3. Tried them all, but stucked with Endeavour. Garuda is mind blowing beautiful in Terms of its GUI but at least on my Hardware not the fastest one.
    With manjaro my Epson All in One Printer/Scanner is refusing to work no matter what I Install.
    With Endeavour everything works fine, no “hick ups”, effortless to install apps with yay command in the terminal.
    And because it’s a rolling release, always up to date.

  4. I find it hard to believe that this “new” distro has moved up to the #2 spot on Distrowatch in just a few short years! I tried to install it on my Lenovo Thinkpad L430 with the following results:

    First Try – Got stuck at 39%
    Second Try – Error message – Could not format the selected partition

    There have been other reviewers who have stated that this distro has serious problems. One reviewer stated he tried to install it 4 separate times, each of which ended in a disaster. If you must have an Arch based distro and don’t want all the work of Arch then try one of the others such as Manjaro, Artix or Arco. Endeavor is definitely the pits when it won’t even install on a very Linux compatible Thinkpad!

    • I faced a similar issue with Endeavour OS. I don’t why is so much hype about this OS. My daily driver is Manjaro and it works fine. For minimal install one can always install Archlab , ArcoLinux or perhaps ArchCraft if one feels the need for a Window manager

  5. I would like te reply about Manjaro here, because I have started using this distro as one of my installed operating systems and I kinda like it for it’s really great combination of technical qualities together with ease of use.
    (although the vanilla Arch is still my favourite and stays my main system next to Windows)


    – “Uses a little bit older Arch linux packages in order to try and find more stability.”
    This is NOT con!! Or at least not necessarily, nor it’s necessarily a pro.
    It’s a characteristic and a conscious choice. It has both positive and negative aspects. So either remove it from the “Cons” or just add it to the “Pros” list too!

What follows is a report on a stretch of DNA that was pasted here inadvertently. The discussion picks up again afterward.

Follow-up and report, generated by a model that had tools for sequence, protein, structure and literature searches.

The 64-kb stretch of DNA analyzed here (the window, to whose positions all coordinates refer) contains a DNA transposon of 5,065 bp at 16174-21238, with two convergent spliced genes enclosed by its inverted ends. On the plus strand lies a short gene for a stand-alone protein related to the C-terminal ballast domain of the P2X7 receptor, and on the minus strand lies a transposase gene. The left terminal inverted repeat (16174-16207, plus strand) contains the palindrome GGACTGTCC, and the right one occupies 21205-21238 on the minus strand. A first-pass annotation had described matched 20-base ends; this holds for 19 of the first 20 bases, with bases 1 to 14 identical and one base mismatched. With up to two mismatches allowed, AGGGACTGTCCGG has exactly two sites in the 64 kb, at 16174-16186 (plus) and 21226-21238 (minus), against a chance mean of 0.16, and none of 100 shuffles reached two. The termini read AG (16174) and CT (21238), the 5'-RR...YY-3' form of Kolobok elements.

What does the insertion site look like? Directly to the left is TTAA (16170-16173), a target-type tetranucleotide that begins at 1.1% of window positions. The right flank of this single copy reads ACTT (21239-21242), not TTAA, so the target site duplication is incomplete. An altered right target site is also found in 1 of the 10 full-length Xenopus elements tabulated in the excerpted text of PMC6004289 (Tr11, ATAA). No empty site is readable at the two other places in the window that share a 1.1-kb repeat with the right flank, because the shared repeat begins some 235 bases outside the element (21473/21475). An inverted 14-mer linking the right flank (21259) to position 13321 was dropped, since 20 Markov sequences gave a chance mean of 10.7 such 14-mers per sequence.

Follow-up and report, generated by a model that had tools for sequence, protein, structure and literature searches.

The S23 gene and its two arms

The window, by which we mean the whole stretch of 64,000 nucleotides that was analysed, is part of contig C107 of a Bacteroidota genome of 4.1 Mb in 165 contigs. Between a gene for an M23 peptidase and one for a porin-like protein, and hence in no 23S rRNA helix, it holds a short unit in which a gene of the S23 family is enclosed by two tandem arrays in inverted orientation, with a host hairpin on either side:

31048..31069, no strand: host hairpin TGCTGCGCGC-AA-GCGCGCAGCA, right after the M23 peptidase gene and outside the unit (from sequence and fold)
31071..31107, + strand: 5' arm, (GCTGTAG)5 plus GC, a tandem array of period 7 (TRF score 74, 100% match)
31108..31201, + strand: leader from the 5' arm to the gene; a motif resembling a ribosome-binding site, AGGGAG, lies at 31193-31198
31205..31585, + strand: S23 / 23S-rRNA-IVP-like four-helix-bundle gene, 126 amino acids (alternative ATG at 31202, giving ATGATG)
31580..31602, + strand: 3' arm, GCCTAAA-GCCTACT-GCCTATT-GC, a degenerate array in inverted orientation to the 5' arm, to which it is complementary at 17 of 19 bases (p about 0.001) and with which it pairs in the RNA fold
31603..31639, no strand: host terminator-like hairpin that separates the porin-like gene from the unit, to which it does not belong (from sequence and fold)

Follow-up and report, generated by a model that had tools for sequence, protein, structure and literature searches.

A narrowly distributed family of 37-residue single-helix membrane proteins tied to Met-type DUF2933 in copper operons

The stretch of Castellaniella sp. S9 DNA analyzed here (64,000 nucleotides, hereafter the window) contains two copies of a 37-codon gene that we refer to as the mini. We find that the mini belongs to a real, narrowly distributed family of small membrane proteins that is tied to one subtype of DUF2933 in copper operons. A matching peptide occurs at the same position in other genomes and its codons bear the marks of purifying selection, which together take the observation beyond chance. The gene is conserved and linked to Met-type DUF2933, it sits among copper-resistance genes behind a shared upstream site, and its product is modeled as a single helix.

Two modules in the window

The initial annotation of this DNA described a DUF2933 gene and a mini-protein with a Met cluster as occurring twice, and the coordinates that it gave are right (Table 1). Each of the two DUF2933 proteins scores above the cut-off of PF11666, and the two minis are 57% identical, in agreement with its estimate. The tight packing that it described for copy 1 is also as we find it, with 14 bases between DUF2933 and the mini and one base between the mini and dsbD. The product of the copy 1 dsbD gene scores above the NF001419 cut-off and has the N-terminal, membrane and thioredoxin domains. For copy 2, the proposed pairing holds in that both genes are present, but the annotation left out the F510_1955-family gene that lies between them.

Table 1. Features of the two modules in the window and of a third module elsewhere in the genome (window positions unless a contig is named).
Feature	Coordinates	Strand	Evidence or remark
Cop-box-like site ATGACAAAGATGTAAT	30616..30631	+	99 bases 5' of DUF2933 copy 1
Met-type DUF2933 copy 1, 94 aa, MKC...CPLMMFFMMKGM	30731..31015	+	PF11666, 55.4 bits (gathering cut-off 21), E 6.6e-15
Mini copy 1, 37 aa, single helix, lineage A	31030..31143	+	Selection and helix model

– “The dev team doesn’t always listen to the community.”
    – “Manjaro is succumbing to the business model than focusing on the community itself.”
    My fear of at least the last of these statements here is sadly that this is indeed valid.
    I base this feeling on the fact that they clearly promote additional products on their website.
    I hope this is not an ongoing development that is going to get worse and worse.

    Personally I think this way: If you are a distro maintainer and if are successful enough together with your community, you won’t need sponsors to keep your project alive.

    On the other hand, look at Canonical, the large company behind the most popular desktop Linux distro that exists, Ubuntu. They are certainly not any better if you ask me.
    But tell me if I am wrong. Because companies can have slightly different mentalities, apart from being just to big and mighty only.

  6. I currently run Garuda Lite KDE which their web site warns if for experts. The expert suggestion if because they do no offer any support for the lite version. I find it very polished with easy install, useful system setup tools for things like printer, bluetooth, and popular software installs. Boot tweaking tool as well. It has an Nvidia driver manager so you can choose or switch propritary or open source. I find very enjoyable. Here are the downside for nubies. They use ZRAM with a heavy hand, it has caused me system stutter. All my laptops have 16 up to 64 GB RAM. I just remove ZRAM however it is part of a meta package which includes nice fancy prompt and a couple of other tweaks, you loose those too. You can live without or do as I and find how to work around it. Internet offers semi-automatic bash prompt generators. Another guy has nice one for Arch much like Manjaro.
    Last thing I had to tweak are my sysctl.conf setting. As they are once you rip out ZRAM then you need to lower the swappiness, cache etc. This work well on my Dell 5560 i7, 64GB RAM, SSD drive.
    This not only improves swappiness it also solves the long delay of RAM syncing up with a USB drive so USB can be removed right away.